Longtime Tennessee Titans linebacker Derrick Morgan thanks God in announcing retirement

At the age of 30 and intent to “leave the game on my own terms,” Tennessee Titans linebacker Derrick Morgan announced Monday that he is retiring — or “transitioning” — from the NFL. A first-round draft pick out of Georgia Tech in 2010, he leaves after nine seasons with the Titans, playing 118 games and accumulating 306 tackles and 44.5 sacks.

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In his Instagram announcement, Morgan wrote, “It’s been a pure blessing to live out a childhood dream and I’m THANKFUL to the @titans organization for giving me my shot, my fans, friends and family over the years who’ve been a huge support and most importantly God for bringing me this far.”


Morgan intends to put his time toward some business opportunities that will “create more opportunities for those who are underserved and overlooked,” he wrote. One such venture, according to Forbes, is an Opportunity Zone fund to invest in marginalized communities.

“I’m at a time where, physically and mentally, it doesn’t make a lot of sense to continue [playing],” Morgan told Forbes last week. “I feel at peace with the decision. I feel free in a sense to be able to wake up and put my mind and my energy towards things that are more purposeful to me at this time in my life.”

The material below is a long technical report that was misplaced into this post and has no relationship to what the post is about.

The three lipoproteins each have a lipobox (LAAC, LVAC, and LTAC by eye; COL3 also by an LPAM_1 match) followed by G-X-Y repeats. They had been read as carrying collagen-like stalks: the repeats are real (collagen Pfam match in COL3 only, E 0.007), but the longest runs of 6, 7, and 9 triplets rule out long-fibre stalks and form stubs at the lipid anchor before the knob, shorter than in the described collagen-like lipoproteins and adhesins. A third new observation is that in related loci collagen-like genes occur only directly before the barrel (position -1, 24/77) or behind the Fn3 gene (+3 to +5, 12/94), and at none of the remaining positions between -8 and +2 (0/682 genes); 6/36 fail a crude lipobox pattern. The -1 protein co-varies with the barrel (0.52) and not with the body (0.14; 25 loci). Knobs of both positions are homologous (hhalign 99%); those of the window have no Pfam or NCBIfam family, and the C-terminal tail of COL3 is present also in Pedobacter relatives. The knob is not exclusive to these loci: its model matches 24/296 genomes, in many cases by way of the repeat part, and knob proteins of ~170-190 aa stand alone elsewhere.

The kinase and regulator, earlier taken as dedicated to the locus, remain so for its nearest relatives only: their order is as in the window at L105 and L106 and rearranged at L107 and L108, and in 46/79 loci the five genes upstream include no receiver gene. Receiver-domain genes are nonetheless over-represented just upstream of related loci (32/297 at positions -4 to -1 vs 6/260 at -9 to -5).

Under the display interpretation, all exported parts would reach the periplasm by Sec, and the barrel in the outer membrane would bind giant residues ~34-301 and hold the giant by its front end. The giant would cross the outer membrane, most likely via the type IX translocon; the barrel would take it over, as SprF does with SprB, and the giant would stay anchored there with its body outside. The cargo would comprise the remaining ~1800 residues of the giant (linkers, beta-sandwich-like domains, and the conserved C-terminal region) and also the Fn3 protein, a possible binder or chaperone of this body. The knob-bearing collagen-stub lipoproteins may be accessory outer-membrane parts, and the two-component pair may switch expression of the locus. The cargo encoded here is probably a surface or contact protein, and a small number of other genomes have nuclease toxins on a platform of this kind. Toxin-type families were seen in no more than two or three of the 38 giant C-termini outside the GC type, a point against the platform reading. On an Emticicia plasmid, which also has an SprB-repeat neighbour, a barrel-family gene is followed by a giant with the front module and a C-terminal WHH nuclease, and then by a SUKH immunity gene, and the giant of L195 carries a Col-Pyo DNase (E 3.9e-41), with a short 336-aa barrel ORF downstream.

Morgan, who lists himself as a “Christ follower” first on social media, has long been a leader in the Titans locker room, the only pro team he ever played for. A regular starter since 2012, he helped last year’s defense to a No. 3 ranking in points allowed, and in 2017 helped Tennessee to its first playoff appearance since 2008.

Morgan will surely be missed by one teammate in particular. Fellow linebacker Wesley Woodyard, who joined the Titans in 2014, called Morgan not only a friend, but his accountability partner.

“He’s like my spiritual checker,” Woodyard said on the Sports Spectrum Podcast in November. “Every day we check each other; he’s my accountability partner. And I feel like the walk we live as football players, that’s something that we must have inside our locker rooms to survive, you have to have that accountability partner.”

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